I KEEP a small flock of six to eight Buff Orpingtons hens, plus a cockerel and a couple of bantams. They are allowed total free-range in my two-thirds of an acre garden, where I grow a few flowers for pleasure and for cutting, but concentrate mainly on a wide variety of fruit, vegetables, nuts, and herbs.

My flock plays a vital part in the eco-system of this plot, as well as providing the family with eggs, and a great deal of pleasure. We all keep poultry for different reasons, and although our priorities may vary, I hope this inventory of the benefits I derive from my flock, may encourage you to put their well-being at the top of your list and re-assess best practice.

  • My main priority is to give my flock the opportunity to live a natural life. I love birds of all varieties, and since hens are virtually the only ones you can keep, without curtailing their freedom in cages, I want to give them the space and security to lead stress-free lives and in return, have the pleasure of watching my cockerel leading his motley bunch of wives out into the garden every morning.
  • As a gardener, I now find gardens without wildlife occupants to be a two-dimensional, flat, soulless places, especially in winter time, when the drama, colour and movement that a small flock provides, will uplift the spirits. Keeping hens encourages other wildlife into the garden, some perhaps, are not so welcome, and of course, though Defra still wants us to keep our flocks' feeding stations separate from wild birds, but they still use chicken feathers to line their nests.
  • My flock is an integral part of the gardening system. Their droppings fertilize the soil and activate the muck heaps. Their bedding rots down to great soil conditioner, and their feathers enrich the compost. They eat weeds, leftover vegetable crops and windfall fruits, and several dangerous pests. Slugs and snails are no longer a problem here, and a certain amount of desultory grass cutting takes place. Short grass is a great source of protein for poultry.
  • Obviously, home-produced eggs are the best. Probably not the cheapest, but they're certainly the freshest, and because I know what my layers have been eating, and that they are healthy and stress-free, I'm confident that our diet will benefit from my hens' contribution. Orpingtons are not the most prolific layers, but I try to hatch two pullets a year to take on the main laying mantle. My older ladies have progressively shorter laying seasons, but still add stability to the flock and make good broodies and mums. If you eat meat, excess cockerels can be raised for the table.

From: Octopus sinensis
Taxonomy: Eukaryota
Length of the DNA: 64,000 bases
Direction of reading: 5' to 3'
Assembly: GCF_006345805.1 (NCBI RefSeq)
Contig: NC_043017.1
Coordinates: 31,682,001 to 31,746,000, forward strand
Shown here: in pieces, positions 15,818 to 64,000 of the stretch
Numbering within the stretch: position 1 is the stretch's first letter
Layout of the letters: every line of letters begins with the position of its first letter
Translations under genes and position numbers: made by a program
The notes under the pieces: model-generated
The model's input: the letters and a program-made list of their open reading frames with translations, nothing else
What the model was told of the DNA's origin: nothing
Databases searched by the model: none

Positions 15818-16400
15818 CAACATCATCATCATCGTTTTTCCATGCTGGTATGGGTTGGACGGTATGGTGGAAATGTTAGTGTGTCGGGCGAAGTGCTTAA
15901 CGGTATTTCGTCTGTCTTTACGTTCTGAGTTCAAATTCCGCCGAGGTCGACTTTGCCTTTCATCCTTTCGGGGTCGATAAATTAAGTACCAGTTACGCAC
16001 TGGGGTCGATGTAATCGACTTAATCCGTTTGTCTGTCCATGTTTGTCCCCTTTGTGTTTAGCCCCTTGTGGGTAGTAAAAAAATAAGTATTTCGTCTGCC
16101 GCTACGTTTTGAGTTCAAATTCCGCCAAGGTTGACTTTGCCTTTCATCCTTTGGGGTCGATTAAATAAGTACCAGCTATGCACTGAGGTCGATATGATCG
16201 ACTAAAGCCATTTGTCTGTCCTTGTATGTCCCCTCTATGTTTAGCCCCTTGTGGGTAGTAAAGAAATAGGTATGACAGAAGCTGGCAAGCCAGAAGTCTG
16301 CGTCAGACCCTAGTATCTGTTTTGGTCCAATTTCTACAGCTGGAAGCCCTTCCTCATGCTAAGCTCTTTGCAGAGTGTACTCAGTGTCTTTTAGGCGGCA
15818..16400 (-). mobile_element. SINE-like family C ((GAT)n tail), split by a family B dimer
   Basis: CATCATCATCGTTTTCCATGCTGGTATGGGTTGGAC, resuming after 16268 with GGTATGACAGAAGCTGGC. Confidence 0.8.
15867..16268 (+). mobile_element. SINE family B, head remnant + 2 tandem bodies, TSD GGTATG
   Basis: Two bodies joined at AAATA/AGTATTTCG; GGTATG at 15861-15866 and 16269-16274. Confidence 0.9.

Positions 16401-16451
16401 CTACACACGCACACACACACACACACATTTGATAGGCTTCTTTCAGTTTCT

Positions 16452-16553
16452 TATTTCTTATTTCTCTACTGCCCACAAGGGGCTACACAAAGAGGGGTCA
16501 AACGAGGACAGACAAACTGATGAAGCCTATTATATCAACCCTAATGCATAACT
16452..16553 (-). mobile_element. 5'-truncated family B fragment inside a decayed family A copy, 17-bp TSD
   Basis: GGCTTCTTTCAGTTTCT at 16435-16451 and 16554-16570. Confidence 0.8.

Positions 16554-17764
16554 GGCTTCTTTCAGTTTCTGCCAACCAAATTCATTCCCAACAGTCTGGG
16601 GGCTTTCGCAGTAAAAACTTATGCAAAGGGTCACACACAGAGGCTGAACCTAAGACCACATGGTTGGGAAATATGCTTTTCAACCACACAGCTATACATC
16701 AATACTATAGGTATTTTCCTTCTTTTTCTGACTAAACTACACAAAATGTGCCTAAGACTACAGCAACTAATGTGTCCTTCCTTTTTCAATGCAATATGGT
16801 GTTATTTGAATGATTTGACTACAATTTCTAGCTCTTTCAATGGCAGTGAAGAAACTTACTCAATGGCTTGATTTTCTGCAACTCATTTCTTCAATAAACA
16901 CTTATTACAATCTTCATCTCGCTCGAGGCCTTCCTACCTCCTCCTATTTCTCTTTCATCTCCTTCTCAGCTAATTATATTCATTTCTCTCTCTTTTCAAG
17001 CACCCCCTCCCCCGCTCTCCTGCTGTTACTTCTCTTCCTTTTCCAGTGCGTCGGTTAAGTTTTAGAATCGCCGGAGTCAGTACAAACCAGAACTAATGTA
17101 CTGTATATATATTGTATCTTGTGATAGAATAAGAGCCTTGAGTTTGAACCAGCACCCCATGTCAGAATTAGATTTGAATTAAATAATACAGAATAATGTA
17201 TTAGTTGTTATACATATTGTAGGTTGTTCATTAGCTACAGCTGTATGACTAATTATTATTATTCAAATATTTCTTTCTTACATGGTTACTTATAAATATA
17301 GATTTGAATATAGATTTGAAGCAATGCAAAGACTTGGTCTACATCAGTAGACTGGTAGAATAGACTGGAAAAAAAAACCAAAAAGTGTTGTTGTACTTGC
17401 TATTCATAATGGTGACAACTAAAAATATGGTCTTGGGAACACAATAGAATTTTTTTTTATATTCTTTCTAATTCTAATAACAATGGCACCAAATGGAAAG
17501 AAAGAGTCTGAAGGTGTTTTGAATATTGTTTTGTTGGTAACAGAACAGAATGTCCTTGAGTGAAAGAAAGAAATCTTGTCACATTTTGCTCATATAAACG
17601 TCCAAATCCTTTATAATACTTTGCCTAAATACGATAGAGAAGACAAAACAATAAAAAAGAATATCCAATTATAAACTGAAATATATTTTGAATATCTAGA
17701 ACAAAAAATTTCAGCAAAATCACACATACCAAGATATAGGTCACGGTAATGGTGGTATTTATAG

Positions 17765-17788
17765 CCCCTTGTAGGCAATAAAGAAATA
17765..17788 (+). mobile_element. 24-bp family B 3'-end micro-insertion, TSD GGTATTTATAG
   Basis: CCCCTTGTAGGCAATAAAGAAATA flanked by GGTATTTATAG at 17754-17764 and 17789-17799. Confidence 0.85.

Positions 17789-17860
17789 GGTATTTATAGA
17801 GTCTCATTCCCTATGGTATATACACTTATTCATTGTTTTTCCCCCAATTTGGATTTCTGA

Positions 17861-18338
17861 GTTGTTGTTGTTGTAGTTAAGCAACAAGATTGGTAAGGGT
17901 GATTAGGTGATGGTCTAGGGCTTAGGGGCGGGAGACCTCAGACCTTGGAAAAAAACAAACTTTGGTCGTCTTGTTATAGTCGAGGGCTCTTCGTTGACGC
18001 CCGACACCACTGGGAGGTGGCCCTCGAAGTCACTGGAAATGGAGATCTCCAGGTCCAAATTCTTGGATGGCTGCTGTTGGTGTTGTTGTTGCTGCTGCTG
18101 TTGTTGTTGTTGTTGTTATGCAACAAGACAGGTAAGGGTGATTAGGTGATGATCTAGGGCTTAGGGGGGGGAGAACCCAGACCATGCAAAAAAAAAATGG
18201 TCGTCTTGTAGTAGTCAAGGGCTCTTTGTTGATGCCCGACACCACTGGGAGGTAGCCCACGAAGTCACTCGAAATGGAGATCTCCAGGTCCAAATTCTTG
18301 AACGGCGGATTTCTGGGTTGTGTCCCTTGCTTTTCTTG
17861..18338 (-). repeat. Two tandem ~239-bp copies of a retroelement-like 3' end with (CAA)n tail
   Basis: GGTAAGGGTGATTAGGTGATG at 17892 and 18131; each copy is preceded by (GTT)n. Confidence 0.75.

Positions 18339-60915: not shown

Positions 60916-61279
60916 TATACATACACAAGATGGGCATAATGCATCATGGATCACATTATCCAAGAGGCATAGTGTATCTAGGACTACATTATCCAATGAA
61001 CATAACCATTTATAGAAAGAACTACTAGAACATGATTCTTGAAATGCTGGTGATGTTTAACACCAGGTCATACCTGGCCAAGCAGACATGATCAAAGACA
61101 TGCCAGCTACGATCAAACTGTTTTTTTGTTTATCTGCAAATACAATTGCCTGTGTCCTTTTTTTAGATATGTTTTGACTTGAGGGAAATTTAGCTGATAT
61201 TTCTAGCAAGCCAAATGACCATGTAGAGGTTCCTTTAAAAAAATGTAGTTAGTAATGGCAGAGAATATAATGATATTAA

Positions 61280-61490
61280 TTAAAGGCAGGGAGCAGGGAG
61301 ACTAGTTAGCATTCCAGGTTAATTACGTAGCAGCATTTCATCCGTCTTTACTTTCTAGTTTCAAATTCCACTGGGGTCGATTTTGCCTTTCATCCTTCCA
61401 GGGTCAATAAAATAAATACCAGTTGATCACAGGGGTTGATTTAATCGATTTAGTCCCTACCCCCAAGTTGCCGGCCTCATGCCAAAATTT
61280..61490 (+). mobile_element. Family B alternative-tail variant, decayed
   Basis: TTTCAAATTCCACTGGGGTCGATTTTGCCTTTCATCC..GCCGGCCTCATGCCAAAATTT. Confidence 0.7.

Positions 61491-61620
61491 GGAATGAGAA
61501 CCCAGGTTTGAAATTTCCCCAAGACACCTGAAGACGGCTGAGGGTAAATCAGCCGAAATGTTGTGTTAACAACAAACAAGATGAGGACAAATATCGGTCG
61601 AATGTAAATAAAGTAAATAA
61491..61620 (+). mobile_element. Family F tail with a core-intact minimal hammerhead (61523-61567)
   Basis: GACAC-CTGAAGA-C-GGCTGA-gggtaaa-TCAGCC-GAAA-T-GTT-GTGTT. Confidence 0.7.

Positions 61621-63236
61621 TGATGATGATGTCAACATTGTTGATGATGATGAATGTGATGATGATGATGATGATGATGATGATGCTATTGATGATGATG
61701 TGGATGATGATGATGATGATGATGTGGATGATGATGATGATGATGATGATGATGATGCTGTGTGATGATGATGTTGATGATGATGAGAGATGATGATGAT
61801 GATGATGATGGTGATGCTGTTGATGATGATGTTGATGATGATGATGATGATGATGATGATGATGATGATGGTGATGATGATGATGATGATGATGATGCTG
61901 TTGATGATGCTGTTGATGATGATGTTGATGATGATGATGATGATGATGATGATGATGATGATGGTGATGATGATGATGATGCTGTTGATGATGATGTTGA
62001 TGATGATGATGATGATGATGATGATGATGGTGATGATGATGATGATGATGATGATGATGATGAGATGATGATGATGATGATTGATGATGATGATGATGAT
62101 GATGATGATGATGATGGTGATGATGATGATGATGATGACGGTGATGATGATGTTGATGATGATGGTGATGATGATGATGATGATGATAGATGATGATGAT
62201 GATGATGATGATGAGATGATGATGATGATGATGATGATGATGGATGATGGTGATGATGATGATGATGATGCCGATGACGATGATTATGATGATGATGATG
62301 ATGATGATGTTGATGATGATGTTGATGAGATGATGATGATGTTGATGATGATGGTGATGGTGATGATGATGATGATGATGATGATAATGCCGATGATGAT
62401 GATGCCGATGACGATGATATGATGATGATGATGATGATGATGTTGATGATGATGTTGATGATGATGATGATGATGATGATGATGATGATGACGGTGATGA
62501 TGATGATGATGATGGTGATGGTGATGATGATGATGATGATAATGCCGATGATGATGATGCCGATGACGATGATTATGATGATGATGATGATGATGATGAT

• Everything in the garden flourishes to its full potential. Crops are healthy, growing to maximum production. Poultry manure from garden birds doesn't burn plants because they are not fed on high fat, high protein diets, so although the majority gets swept up and put on the compost heap to rot, a proportion gets dug in or washed straight into the soil or into the lawn by the rain, as instant fertilizer.
  • Home-grown food production takes us back to our roots. Self-sufficiency gives a sense of power, makes us self-reliant, involving us all intimately in the life cycles and seasonal rhythms of our environment.
  • I open my garden to the public, and actively promote garden hen-keeping, using the attractiveness and well-being of my flock to encourage the demand by consumers for better welfare standards in the industry. I can show visitors what a normally-fed chick looks like at six weeks - barely a handful, at the age when commercially-reared birds would be going to slaughter, ready to sit on the supermarket shelf. Many visitors and their children have little idea that chickens are sentient creatures with their own intelligence, well-developed communication skills and a strong flock ethos.
  • My flock is a useful teaching aid for pupils who come on our courses to learn this particular way of keeping hens, and I have always used my garden and birds to promote a healthy, happy way of hen keeping. Children benefit greatly from the hen keeping experience and chickens make excellent pets, providing an entertaining hobby for people of all ages.
  • Chickens are great household waste re-cyclers. From the old newspapers I use to line their sleeping quarters, to the shredded paper I use for bedding, to spent wood ash that goes into their dust baths, to any excess kitchen or garden waste, all enabling this household to keep its waste to a minimum.
  • We all have a lot to learn from our connection to the animal kingdom. To see ourselves as part of the whole, rather than isolated superiors, is good for our mental health, giving us a sense of perspective, and certainly time spent in the garden with a flock of contented hens, is balm for the soul.

Happy Christmas to you all!

  • For more information, visit www.henkeepersassociation.co.uk and to check out Francine's range of books, products and courses, visit www.kitchen-garden-hens.co.uk.